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Heart Pumping Moments: Win a Copy of EA Sports Active 2

This series is powered by EA Sports Active 2: The complete at-home digital trainer

Sports are all about the unforgettable, heart pumping moments that stick with us as fans. Having a few shekels on the game certainly makes things more ingrained in our minds, but there are some moments that get you going no matter what. With that in mind, I’d like to write about some of the best heart pumping moments I grew up with in the 90s. No fitness trainer can get your heart pumping like EA Sports Active 2, and not many sports moments got my heart pumping like the following.

**Submit your favorite heart pumping moment from the 90s in the comments and five people will be chosen to win a copy of EA Sports Active 2.**

5. Reggie Miller Scores 8 points in 11 seconds vs. Knicks

Reggie Miller’s history with the Knicks was well documented on an ESPN 30 for 30 program last year. Miller used to go back and forth with Spike Lee, whose trash talk seemed to bring the best out of 31. This 1995 clip took place when the NBA involved hated rivalries, and when one single player could be utterly despised by an entire city. Reggie Miller improbably scored 8 points in 11 seconds to steal Game 1 of the 1995 Eastern Conference Semifinals from the Knicks. Keep in mind the Pacers were knocked out of the playoffs the previous two years by New York. Take a look at this clip that makes me misty as I reminisce about some of my favorite times growing up:

No game is over until it’s truly over.

4. Mike Tyson Bites Evander Holyfield’s Ear Off

I was almost going to go with the Tyson-Douglas fight here, but that took place in Tokyo and nobody saw it. Now the fight with Holyfield on the other hand, everybody saw. I remember exactly where I was when I saw this fight. In fact, I’m confident YouTube was created so we could re-live moments like this whenever we damn well please.

3. Christian Laettner’s shot to beat Kentucky

Christian Laettner was a senior at Duke in 1992 when he capped off an impressive career with one of the most memorable shots of all time. His Blue Devils were down 103-102 in the East Regional Finals against Kentucky and needed to throw it the length of the floor for a shot. Grant Hill threw it in to Laettner who caught the pass at the free throw line, faked one way and … well, you know how it went:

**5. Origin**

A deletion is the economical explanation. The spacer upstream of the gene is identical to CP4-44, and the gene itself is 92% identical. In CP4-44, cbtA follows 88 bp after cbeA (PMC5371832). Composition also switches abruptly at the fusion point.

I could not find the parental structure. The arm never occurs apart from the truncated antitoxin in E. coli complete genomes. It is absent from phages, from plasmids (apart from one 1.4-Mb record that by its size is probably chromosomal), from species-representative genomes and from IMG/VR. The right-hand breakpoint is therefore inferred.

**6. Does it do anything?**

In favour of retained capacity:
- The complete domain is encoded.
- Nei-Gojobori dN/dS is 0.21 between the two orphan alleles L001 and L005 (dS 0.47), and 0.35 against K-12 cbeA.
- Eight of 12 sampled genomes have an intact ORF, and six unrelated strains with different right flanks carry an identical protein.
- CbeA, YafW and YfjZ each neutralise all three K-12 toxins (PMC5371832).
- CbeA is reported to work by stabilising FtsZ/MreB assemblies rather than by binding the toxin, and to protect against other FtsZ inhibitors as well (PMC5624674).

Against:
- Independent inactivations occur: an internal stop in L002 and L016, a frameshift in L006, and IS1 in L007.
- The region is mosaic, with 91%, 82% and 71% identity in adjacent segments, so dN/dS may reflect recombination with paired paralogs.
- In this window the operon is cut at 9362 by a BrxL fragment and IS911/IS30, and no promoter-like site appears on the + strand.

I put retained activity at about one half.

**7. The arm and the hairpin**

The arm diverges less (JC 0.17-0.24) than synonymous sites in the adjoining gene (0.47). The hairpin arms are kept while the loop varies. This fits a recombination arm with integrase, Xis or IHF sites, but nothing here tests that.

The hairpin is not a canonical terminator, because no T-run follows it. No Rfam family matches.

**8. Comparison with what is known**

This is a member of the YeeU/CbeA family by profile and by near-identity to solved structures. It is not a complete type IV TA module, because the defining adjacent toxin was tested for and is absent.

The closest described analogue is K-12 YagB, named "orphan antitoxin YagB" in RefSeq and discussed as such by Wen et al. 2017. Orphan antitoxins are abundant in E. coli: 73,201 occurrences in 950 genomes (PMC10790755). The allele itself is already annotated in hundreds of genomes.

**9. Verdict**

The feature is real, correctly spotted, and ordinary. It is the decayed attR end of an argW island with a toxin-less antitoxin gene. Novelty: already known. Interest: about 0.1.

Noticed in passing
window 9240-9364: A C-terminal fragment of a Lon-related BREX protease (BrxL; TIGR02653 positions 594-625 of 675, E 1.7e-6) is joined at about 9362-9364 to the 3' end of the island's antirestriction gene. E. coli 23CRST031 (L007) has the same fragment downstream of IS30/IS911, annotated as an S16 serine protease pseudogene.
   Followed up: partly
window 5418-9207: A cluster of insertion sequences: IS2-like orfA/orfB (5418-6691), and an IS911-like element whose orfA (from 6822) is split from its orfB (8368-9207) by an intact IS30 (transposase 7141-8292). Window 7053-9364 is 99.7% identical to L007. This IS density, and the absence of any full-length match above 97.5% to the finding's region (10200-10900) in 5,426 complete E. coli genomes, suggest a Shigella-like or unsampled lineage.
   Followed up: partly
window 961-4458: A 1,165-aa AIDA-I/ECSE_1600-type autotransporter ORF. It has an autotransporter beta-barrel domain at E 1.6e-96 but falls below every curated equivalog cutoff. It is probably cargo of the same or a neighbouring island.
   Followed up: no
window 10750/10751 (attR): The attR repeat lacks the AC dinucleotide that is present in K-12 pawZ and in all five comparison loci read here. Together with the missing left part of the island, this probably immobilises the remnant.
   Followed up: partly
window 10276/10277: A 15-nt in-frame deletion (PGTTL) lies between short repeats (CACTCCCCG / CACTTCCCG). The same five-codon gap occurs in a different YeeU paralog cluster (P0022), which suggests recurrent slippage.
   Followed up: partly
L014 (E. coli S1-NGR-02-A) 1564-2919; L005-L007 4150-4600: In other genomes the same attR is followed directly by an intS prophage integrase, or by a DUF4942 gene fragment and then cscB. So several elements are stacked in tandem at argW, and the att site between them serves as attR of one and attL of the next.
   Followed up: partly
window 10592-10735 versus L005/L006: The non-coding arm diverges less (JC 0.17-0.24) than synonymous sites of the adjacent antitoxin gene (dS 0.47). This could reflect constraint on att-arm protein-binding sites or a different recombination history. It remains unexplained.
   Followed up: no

2. John Elway’s helicopter in Super Bowl XXXII

John Elway had reached the Super Bowl three previous times in his career. Going 0-3 in the big game, including a record-worst 55-10 shellacking by the 49ers in Super Bowl XXIX, critics said Elway “couldn’t win the big one.” With one play late in the third quarter, John Elway shoved it up his critics’ butt by showing everybody how badly he wanted to win. This is called giving it up:

That led to a Terrell Davis touchdown that made it 24-17 Broncos, and they went on to win 31-24. Denver won the following year proving that Elway in fact was a winner and one of the best quarterbacks of all time. He walked away from the game on top.

1. Michael Jordan’s last shot with the Bulls aka the pushoff on Byron Russell

It was Game 6 of the 1998 NBA Finals, Bulls against the Jazz. A record 72 million people were watching to see if Michael Jordan could close out Utah and win his 6th NBA title. The Bulls were down by a point in the final 16 seconds of the game. Jordan stole the ball then went one-on-one against Byron Russell, pushing off to hit one of the most memorable shots of his career:

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  • Anonymous

    I have to share these two moments…even though its from the 2000s. I will try to find one in the 90s.
    1) http://www.youtube.com/watch?v=T9_pPqWfI84
    2) http://www.youtube.com/watch?v=5SBU8nOiMz0&feature=related

    Thanks, Nick

  • http://twitter.com/alanhull1 Alan Hull

    I’m ineligible as a writer but Cal Ripken Jr. breaking Lou Gehrig’s consecutive games streak in 1995 when he played 2,131 games. He went on to play 2,632 in a row.

    It might not be heart-pumping in the traditional sense, but that’s a long period of pumping.

  • http://pulse.yahoo.com/_G2SXV656XX43W3A5L325OQ7FGM Roby

    With 16 seconds left in the the 1999 AFC wild card game, facing a 16-15 deficit and almost certain elimination, The Tennessee Titans field the kickoff…

    You all know the Music City Miracle.

    Here is the play-by-play transcripts. Even reading gave me chills:

    Keith: “Do the Titans have a miracle left in them in what has been a magical season to this point? If they do, they need it now. Christie kicks it high and short. Gonna be fielded by Lorenzo Neal at the 25; he dishes it back to Wycheck; he throws it across the field to Dyson…”

    Ryan: “He’s got somethin’…”

    Keith: “30, 40…”

    Ryan: “He’s got somethin’…”

    Keith: “50, 40..”

    Ryan: “He’s got it! He’s got it!”

    Keith (voice volume increasing): “30, 20..”

    Ryan: “He’s got it!”

    Keith: “10, 5, endzone…touchdown, Titans! There are no flags on the field! It’s a miracle! Tennessee has pulled a miracle! A miracle for the Titans!”

    Without that heart-pumping play, the Titans never make it to the Super Bowl (which had its own heart pumping finish.)

    roby13@gmail.com

  • http://pulse.yahoo.com/_KX6PWR2E3EIQNMQBDPB6A43JCU Chris

    For me, the 90’s was all about MJ….Top moment was the 6 3’s against Portland and the shrug…still get chills all these years later….(Tyson / Douglas is a good call too though – never forget Dad’s reaction to that one)